Almost two months ago I proposed to my girlfriend. And while I was excited to plan this moment for the woman I loved the most, once I realized how much work was ahead of me, I became obsessed with the logistics.
I wanted the ring to feel as unique and special to her as she is to me. I wanted to take her away to a place specific to our relationship, the exact spot to reflect the gravitas of the moment. There were so many details to figure out, in secret, without accidentally ruining the surprise.
It wasn’t until all the moving pieces were locked down, I could even begin to think about what I wanted to say.
Suddenly all of my words felt useless. They sounded trite or inane. How could I encapsulate everything I felt for her and everything she made me feel about myself into a collection of sentences? I aspired repeatedly for Longfellow and kept ending up with “Me love you big much.”
I settled on my disbelief, the emotion I feel most often when I think about the abundance in my life. It carried me through, pulled words from my mind and anchored them to the page. It felt inadequate but at least admirably so.
As the moment came closer I became very aware it would not initiate itself. All the pieces were in place, the work done. I simply had to begin.
I tried to slow down time. To remember what I wanted to say and still be present in the moment. To take note of the weather, the view and the look on her face. Inertia carried me through the four minutes it took to change our lives. It felt surreal. Like some sort of cosmological wormhole where my senses felt inside out.
I took a knee. She said yes. I put the ring on her finger. Everything heightened. Everything expanded. The hours following were flush with love, swollen hearts, and emotions so intense we could only giggle in disbelief. We called family. We dined. We drank. Eventually, we slept.
And the next morning, everything began, very much barely, to make sense to me.
All the planning had felt like I was being pulled through the process. Not aggressively but gently. Rolling down the slightest decline. Never accelerating just approaching with a constant momentum.
The morning after I proposed, however, had no feeling of momentum. It was an immersion that made everything real. Not a date in my calendar or a series of tasks that needed to be checked off. My body and brain began to comprehend the overwhelming nature of what we now were.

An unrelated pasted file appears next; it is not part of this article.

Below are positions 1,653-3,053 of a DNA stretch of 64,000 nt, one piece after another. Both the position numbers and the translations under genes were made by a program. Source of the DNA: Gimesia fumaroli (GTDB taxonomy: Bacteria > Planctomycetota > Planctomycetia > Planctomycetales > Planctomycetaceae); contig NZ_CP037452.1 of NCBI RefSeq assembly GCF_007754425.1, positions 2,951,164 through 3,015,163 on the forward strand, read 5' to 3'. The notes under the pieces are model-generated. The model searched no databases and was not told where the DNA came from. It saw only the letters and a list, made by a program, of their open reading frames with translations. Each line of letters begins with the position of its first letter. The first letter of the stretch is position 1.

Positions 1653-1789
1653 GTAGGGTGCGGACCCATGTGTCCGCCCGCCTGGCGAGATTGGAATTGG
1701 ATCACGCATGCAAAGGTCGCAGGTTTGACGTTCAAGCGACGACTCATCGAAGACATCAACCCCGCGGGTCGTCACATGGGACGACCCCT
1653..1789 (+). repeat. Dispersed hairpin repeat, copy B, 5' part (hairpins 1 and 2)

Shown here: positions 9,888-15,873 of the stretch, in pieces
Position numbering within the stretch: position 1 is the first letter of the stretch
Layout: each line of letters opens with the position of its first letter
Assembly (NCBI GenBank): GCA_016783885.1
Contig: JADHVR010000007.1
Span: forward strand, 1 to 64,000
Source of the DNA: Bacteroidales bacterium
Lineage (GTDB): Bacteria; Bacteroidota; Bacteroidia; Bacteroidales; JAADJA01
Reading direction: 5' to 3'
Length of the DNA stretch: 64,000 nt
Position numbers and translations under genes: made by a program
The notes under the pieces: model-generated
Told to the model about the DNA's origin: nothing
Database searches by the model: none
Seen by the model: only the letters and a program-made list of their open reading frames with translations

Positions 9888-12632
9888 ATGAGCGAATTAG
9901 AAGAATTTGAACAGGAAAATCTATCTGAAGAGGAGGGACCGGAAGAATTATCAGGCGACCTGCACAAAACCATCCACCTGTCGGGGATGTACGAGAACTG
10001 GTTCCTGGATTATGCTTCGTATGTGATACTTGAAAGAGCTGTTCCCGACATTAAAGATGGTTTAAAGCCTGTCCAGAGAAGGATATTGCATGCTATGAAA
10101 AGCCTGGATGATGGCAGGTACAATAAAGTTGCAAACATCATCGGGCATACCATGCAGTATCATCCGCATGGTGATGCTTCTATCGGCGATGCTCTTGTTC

Each of the following 4 days we spent alone together were raw and free. Realizations held at bay for many months swallowed me whole repeatedly. Now, seeing my partner as my fiancé, felt infinite.
We began using a new language, telling our story to strangers. To the couple sharing our table at the Bed & Breakfast, to anybody we met at a bar, trying on this new identity of the engaged couple.
It didn’t feel like a mantle we were suddenly parading around under, foreign or detached. I saw this woman, whom I had spent so much time recently considering, in the fullest light.
What became even clearer as we returned back home to celebrate with family and friends, was just how rare the days following our engagement were. People kept mentioning to us how awesome it was we were able to celebrate together, away, by ourselves for even a short time.
Far from home, we were able to just love, laugh, cry, and be whelmed in the company of the only other person who truly understood the moment. Our already expressive love received a hyperbolic injection of emotion. A oneness.
It is a oneness I know will be challenged in the future. Even as we delay discussing our wedding, I am aware of how unwieldy the whole planning process seems. The spectacle. The expense. The stress.
And that disparity makes me love being engaged, and how we got engaged, even more. I did not anticipate how I would feel, but my body still vibrates thinking about it. I do not know when the memory will fade.
I hope it never does.
If you believe in the work we are doing here at The Good Men Project, please join like-minded individuals in The Good Men Project Premium Community.